Local election results showed spottier than hoped for regains of councils in the North and have led to huddles in Labour’s strategy and campaign teams since. For Team Starmer, the challenge of “long Corbyn” is clear. “We have to go further and faster to make clear we are a party of the centre with big plans and policies,” says a source. The most difficult territory, according to an internal analysis of the results, is “Brexit and lack of trust that we have moved on from Corbynism”.

Add that onto doubts among voters about whether the farewell from hard-Left politics is reliable, and there is still an electoral mountain to climb. True, Labour can be happy to have overtaken the Tories, but a slight downward slide since the May elections is the wrong direction of travel. Oppositions need momentum and, however unfairly, beergate has consigned its leader to discussing that on shows like Loose Women yesterday, at the expense of laser-like focus on his core messages.

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The battle to defeat the “old testament” of Corbyn, according to one senior figure in the leader’s office, has just played out in Wakefield where a bitter row over the by-election candidate to stand in a seat vacated by disgraced Tory MP Imran Ahmad Khan highlighted the gap between some local party organisations and Starmer. The entire executive of the constituency party resigned, accusing the leader’s office of stitching up the selection of Simon Lightwood — who has looser local ties but is favoured by the leader’s office. One source says it is “a decisive moment in showing the party and voters that Keir is putting his stamp on the next election”. On the Left of the party there is less confidence. “Starmer is basically clearing out the Labour ranks in the way that Peter Mandelson did for Blair,” says one veteran MP. “But Blair had a vision and a style as well as a clear message by this stage. It’s not clear to most voters I talk to what Starmerism is — beyond not being Corbynism.”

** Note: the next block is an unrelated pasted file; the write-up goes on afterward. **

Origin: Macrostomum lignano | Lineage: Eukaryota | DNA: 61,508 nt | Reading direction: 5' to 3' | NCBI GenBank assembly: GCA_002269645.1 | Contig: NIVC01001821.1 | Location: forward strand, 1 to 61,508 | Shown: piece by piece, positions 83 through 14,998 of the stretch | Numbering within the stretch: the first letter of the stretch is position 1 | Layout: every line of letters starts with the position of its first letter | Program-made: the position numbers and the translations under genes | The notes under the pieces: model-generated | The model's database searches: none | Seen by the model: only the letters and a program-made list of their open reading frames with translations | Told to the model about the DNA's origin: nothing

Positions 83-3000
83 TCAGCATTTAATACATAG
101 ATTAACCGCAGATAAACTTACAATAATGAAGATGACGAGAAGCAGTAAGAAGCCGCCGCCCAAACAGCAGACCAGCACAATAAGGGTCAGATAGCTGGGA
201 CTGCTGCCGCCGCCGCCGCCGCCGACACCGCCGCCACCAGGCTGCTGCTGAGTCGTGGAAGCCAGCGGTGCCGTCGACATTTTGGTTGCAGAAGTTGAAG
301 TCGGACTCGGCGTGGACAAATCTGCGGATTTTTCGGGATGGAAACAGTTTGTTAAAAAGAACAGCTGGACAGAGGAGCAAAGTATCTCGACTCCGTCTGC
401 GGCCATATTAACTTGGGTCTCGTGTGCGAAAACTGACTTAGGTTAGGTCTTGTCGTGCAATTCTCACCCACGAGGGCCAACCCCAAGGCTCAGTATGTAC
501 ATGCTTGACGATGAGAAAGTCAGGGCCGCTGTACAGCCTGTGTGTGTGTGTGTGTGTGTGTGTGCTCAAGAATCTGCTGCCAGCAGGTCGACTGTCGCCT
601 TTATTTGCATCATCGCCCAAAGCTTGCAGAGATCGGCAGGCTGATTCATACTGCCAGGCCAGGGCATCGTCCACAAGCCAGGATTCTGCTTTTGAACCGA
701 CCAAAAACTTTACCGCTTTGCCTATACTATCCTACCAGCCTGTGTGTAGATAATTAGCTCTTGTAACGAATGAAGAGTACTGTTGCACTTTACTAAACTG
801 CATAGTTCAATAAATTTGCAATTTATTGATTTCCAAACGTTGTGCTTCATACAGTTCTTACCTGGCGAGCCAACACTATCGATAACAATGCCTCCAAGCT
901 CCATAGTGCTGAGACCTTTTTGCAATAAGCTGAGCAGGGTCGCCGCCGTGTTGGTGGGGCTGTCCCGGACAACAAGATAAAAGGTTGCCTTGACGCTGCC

Veterans are rallying round the party. On Sunday, Ed Miliband told the BBC that Starmer is in the clear, saying: “I don’t believe he is going to be fined. But if he is fined, he has to resign.” Such is the great gamble — and for ambitious MPs thinking steps ahead, it opens up a possible “leaders-in-waiting” race. If the police conclude Stamer broke the rules, “not only Keir would go but Angela too,” says one Left-wing MP. “That would unlock a lot of votes across the different factions.” The main beneficiary would be Wes Streeting, the ambitious shadow health secretary who has attracted attention by holding Labour fundraisers with prominent backers. “When was Wes not on manoeuvres?” is the tart response of one of Starmer’s inner sanctum — though some find the leader’s raising the prospect of his own political mortality “worrying”. “Even if he survives this,” puts one source, “he has reminded everyone that they need a ‘spare’ if the heir doesn’t work out.”